On Nov. 27, renowned Italian-American filmmaker Martin Scorsese — known for films including “Goodfellas,” “Taxi Driver,” “The Departed” and “The Wolf of Wall Street”— made his Netflix debut with his newest film “The Irishman.” With an arduous runtime of three hours and 30 minutes, it is his longest film to date, as well as his most expensive. While the film has received high praise in the press, this success is not warranted.
“The Irishman” is based on the biography “I Heard You Paint Houses” about Frank Sheeran, played by Robert De Niro, a mob hitman for the Italian mafia in 1950s Philadelphia. Sitting in a wheelchair in a nursing home, Sheeran retells the bloodiest and goriest of his mafia glory days from a flashback perspective, finally relinquishing the truths he has kept under wraps for so many years.
Sheeran’s mafia career was sparked when he, as a humble truck driver, began to covertly sell his employer’s shipments to a local member of the Italian crime family. Sheeran quickly scales the ranks to become a top hitman and a trusted mafia name. Eventually, mafia leader Russell Bufalino, played by Joe Pesci, connects him with Al Pacino’s Jimmy Hoffa, the president of the International Brotherhood of Teamsters. Sheeran becomes a bodyguard of Hoffa and trustee of the union, which had deep financial ties to the mafia. During Sheeran’s service, Hoffa vanishes.
Up until this point, the plot is grounded in fact. Where it diverges from official records is Hoffa’s disappearance, which historically occurred on July 30, 1975. To this day, American authorities still have not definitively determined what happened — leaving a vacuum for countless conspiracy theories to arise. “The Irishman,” following “I Heard You Paint Houses,” paints Sheeran as Hoffa’s killer.
While boasting a riveting historic tale on paper, “The Irishman” stumbles in bringing these cunning betrayals, deep interpersonal connections and petty politics to life. Even after an ample 209 minutes, affinities and alliances somehow remain shallow. With the majority of the film comprised of huddled, male-to-male conversations at dark tables over glasses of whiskey, there is not much emotion nor interesting action that communicates the mafia’s complex and extreme interconnectedness.
Additionally, while the line “Based on a True Story” usually amplifies viewers’ interest and impressions of films, this film squanders that benefit. It overwhelms the audience with the random names and appearances of countless mafia members, all of whom die off. The film goes out of its way to portray the breadth of the mafia’s ties by writing out each character’s death date and how they were murdered next to their face, before proceeding to never bring up that same character again. While this intricate detailing does serve to contextualize the story against the backdrop of the greater mafia conglomerate, it simultaneously hinders and distracts the audience’s ability to keep track of the truly important characters.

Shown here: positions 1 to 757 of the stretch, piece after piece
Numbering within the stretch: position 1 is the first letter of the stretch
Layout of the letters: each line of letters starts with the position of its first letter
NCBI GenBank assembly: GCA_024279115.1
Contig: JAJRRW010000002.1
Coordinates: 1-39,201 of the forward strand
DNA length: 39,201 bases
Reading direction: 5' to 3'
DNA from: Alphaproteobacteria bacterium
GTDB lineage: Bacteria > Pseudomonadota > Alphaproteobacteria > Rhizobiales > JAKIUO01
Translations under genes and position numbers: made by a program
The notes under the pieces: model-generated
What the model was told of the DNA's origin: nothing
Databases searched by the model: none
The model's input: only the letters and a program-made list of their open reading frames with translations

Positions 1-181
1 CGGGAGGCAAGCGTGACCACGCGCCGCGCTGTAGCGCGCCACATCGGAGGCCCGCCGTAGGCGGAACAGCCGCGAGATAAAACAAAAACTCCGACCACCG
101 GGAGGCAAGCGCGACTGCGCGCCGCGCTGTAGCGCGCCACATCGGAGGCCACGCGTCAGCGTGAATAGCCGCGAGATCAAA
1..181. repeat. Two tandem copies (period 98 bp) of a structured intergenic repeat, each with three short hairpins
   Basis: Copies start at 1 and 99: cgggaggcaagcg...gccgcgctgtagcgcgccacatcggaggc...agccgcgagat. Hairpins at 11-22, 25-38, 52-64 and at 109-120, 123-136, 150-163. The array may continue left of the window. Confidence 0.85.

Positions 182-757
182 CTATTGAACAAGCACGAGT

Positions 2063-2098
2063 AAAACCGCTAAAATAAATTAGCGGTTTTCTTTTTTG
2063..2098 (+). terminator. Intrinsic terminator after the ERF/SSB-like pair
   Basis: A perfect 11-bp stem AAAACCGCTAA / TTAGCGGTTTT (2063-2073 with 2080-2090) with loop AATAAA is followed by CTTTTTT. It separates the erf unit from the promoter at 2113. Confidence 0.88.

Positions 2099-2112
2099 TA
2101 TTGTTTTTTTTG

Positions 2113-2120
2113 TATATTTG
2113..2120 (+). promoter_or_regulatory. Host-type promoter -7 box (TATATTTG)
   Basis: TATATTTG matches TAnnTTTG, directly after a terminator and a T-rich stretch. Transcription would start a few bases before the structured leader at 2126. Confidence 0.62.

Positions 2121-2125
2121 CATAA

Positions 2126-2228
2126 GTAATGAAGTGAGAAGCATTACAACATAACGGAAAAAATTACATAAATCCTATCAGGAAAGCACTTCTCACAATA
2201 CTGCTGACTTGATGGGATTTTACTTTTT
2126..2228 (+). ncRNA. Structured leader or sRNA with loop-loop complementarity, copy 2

Numerous faces and minuscule occurrences dilute the plotline, diverting the audience’s focus away from the film’s intentions. In such ways, according to a review from CheatSheet, “The Irishman” misses its mark as a crime epic and settles closer to “a history lesson.”
Additionally, “The Irishman” continues Scorcese’s track record of keeping male protagonists front and center. Throughout the film, Sheeran’s, Bufalino’s and Hoffa’s wives and daughters are painted as one-dimensional personas who are constantly present but never vocal. Bufalino’s wife Carrie, played by Kathrine Narducci, is portrayed as a posh and passive cigarette-addicted companion — nothing more, nothing less. Sheeran’s daughter, Peggy, played by Anna Paquin, resents Sheeran for joining the mafia and cuts ties with him forever once she reaches adulthood. But most of her dialogue consists of one-liners, like “thank you.” There is ultimately little exploration of the rifts that the weight of being in the mafia causes between men and their families. Such an allusion would have been refreshing and might have added a different dimension to the already all-too-familiar Hollywood trope of a mafia-centric plot.
While the film has earned high acclaim from critics with a Rotten Tomatoes score of 96 percent, the general public consensus is not as clear. Some viewers on Twitter have labeled it as “overrated,” “boring,” and “like a 3 1/2hr long speech,” while others praise it as one of the best films of the year. Ultimately, “The Irishman” is a story that evokes a strong reaction from all who make it to the end.